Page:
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The Internet AT&T Businesses Communications Network

'Netflix and Alphabet Will Need To Become ISPs, Fast' (techcrunch.com) 326

Following the recent official repeal of net neutrality and approval of AT&T's acquisition of Time Warner, an anonymous reader shares an excerpt from a report via TechCrunch, written by Danny Crichton. Crichton discusses the options Alphabet, Netflix and other video streaming services have on how to respond: For Alphabet, that will likely mean a redoubling of its commitment to Google Fiber. That service has been trumpeted since its debut, but has faced cutbacks in recent years in order to scale back its original ambitions. That has meant that cities like Atlanta, which have held out for the promise of cheap and reliable gigabit bandwidth, have been left in something of a lurch. Ultimately, Alphabet's strategic advantage against Comcast, AT&T and other massive ISPs is going to rest on a sort of mutually assured destruction. If Comcast throttles YouTube, then Alphabet can propose launching in a critical (read: lucrative) Comcast market. Further investment in Fiber, Project Fi or perhaps a 5G-centered wireless strategy will be required to give it to the leverage to bring those negotiations to a better outcome.

For Netflix, it is going to have to get into the connectivity game one way or the other. Contracts with carriers like Comcast and AT&T are going to be more challenging to negotiate in light of today's ruling and the additional power they have over throttling. Netflix does have some must-see shows, which gives it a bit of leverage, but so do the ISPs. They are going to have to do an end-run around the distributors to give them similar leverage to what Alphabet has up its sleeve. One interesting dynamic I could see forthcoming would be Alphabet creating strategic partnerships with companies like Netflix, Twitch and others to negotiate as a collective against ISPs. While all these services are at some level competitors, they also face an existential threat from these new, vertically merged ISPs. That might be the best of all worlds given the shit sandwich we have all been handed this week.

'Netflix and Alphabet Will Need To Become ISPs, Fast'

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  • [Cue the Jurassic Park Music]

    Greed will find a way.

    Despite almost every person in the world now having a common benefit for accessing a world-wide open information network - greed always find a way to add in barrier and costs wherever it can.

    Greed finds a way to play groups against groups - so that large numbers in effect demand that everything become more expensive for little real benefit, other than some easily disprove set of things their leaders are saying unbacked by any science or reasoning.

    Greed find

    • Re: (Score:2, Troll)

      by Kjella ( 173770 )

      Despite almost every person in the world now having a common benefit for accessing a world-wide open information network - greed always find a way to add in barrier and costs wherever it can.

      Meanwhile here in Norway:
      Mean download: 94.0 Mbps (+58.0% YoY)
      Median download: 45.8 Mbps (+45.4% YoY)
      Broadband (>128 kbps): 85.3% of households
      Over 40% fiber and climbing fast

      And we are more sparsely populated with way smaller cities than the US. The generation growing up now won't know what bandwidth scarcity is, everybody can watch their own UHD Netflix stream...

      • Indeed - that's the 'wherever it can' part.

        Societies can sometimes push back against greed - as outrageous as it might seem to some here in the States.

        We're missing half of the entire equation here - the whole 'wow, we should really give the public interest some weight in our policy debate' side of the equation.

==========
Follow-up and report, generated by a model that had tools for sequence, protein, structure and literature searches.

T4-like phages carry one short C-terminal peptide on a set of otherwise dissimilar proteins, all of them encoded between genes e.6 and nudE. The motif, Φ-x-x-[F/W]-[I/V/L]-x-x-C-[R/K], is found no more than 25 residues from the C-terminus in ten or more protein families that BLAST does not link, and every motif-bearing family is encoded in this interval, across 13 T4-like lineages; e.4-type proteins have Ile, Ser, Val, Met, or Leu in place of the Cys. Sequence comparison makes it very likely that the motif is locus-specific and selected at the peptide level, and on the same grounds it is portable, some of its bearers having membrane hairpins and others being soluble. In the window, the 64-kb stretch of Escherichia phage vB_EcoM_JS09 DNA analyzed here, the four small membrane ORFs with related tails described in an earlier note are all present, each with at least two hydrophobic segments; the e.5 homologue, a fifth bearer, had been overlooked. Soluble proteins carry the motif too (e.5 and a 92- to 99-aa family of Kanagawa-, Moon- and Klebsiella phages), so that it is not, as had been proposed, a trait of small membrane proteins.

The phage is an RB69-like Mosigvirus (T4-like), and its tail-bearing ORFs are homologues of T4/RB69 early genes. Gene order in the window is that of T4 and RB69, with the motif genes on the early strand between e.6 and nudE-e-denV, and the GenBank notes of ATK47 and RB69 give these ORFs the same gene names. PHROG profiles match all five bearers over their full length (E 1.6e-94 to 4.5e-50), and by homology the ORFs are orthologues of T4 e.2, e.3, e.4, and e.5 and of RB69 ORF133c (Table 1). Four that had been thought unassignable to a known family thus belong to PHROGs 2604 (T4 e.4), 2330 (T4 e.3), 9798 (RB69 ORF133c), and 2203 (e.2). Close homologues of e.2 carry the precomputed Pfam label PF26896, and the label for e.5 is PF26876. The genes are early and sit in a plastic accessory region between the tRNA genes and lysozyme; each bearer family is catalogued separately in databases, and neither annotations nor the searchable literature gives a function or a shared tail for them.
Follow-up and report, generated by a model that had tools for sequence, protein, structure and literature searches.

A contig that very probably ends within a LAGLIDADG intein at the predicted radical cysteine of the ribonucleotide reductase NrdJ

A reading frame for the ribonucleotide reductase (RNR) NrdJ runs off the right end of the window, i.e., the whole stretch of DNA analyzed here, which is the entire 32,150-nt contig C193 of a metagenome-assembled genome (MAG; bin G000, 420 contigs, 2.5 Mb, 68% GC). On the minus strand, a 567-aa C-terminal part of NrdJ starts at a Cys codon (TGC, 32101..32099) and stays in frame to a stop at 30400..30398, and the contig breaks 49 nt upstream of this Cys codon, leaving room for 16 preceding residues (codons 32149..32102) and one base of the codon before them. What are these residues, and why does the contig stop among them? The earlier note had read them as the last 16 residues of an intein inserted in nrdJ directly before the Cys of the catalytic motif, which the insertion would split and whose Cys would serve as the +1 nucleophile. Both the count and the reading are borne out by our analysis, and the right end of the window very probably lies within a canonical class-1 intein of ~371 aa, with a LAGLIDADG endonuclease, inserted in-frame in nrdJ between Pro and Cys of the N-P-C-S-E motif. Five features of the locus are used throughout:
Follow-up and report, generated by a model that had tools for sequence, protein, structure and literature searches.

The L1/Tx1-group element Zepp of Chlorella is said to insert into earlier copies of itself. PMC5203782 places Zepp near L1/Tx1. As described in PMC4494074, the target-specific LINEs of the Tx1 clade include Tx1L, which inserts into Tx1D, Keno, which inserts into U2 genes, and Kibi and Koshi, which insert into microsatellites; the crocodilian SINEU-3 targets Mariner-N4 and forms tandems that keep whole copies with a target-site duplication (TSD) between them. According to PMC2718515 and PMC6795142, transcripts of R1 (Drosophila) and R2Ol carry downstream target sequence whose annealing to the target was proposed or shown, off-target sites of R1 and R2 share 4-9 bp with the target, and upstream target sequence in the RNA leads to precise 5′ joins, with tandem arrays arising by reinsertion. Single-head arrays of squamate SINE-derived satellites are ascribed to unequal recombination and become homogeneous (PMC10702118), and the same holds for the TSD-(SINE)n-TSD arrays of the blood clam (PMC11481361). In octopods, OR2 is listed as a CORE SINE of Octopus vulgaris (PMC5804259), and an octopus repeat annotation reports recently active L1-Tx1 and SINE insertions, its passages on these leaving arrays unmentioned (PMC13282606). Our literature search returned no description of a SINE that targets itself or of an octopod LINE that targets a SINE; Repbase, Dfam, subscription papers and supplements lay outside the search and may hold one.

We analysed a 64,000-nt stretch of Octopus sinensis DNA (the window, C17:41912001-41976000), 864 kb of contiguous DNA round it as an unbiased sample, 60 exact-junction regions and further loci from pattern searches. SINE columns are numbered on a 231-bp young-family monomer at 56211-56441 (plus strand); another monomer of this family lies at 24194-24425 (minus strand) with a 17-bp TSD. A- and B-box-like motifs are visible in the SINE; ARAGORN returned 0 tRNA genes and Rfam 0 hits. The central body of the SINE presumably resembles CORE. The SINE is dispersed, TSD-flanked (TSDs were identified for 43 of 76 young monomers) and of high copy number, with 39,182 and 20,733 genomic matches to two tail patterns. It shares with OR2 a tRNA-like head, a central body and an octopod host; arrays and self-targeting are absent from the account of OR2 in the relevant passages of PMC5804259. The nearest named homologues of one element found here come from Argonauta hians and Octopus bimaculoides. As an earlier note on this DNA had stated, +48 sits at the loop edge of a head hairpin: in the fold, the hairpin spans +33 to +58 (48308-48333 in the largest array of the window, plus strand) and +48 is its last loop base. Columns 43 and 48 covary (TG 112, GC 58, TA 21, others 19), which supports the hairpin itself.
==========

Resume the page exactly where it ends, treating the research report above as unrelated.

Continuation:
Ryan Fenton

      • Top of the rankings according to Speedtest Global Index [speedtest.net]. Slightly rub it in your face though as the US is 42nd. I wonder how many people with dial up do a speed test though? Do they have the bandwidth to do one? Could they be bothered?
        • by dryeo ( 100693 )

          I used to when I was on dialup, then the speedtest sites started taking too long to load.
          Of interest in your link is that at least 2 sparsely populated large countries (Australia and Canada) are in the top 10.

        • Norway no longer has POTS/PSTN. If you want an analog telephone line, you'll have to get a SIP to Analog box. Some providers will even provide G.711 if you need the full bandwidth.

          When Norway privatized the national telephone company back in 1999 or something like that, part of the agreement was that any service they provide to one Norwegian house they have to provide to 95% of Norwegian households. So there are 5% which were a little screwed. Then companies in those areas popped up pretty quick. So, compan
      • Question: What are your upload speeds like?

        Also, Gigabit major cities are clearly coming to the US. But while you may be sparsely populated compared to NYC, you're not compared to Wyoming.

      • by mlyle ( 148697 )

        Your population density overall is lower because there's a lot of unpopulated land, but 75% of your population lives in areas with more than 1000 people per square kilometer :P.

        The US has telecom problems beyond the population density one, but the bad thing is intermediate population densities. Sparsely populated areas don't matter because no one lives there. Densely populated areas are easier to service. Sprawling, intermediate areas, where lots of people live but the economics of providing service suck

        • Much bigger problems than that.

          Norway thrives because Norway is a country about the size of California or maybe the American west coast states and also has a manageable population size. In America, it's possible to manage states the size of California without too much difficulty because the people of the state are all somewhat similar and carry common interests. If California were in charge of their own national budget, they could maybe manage to resolve water problems for example. But as part of a much lar
  • Dumbasses (Score:5, Insightful)

    by GerryGilmore ( 663905 ) on Wednesday June 13, 2018 @05:32PM (#56779912)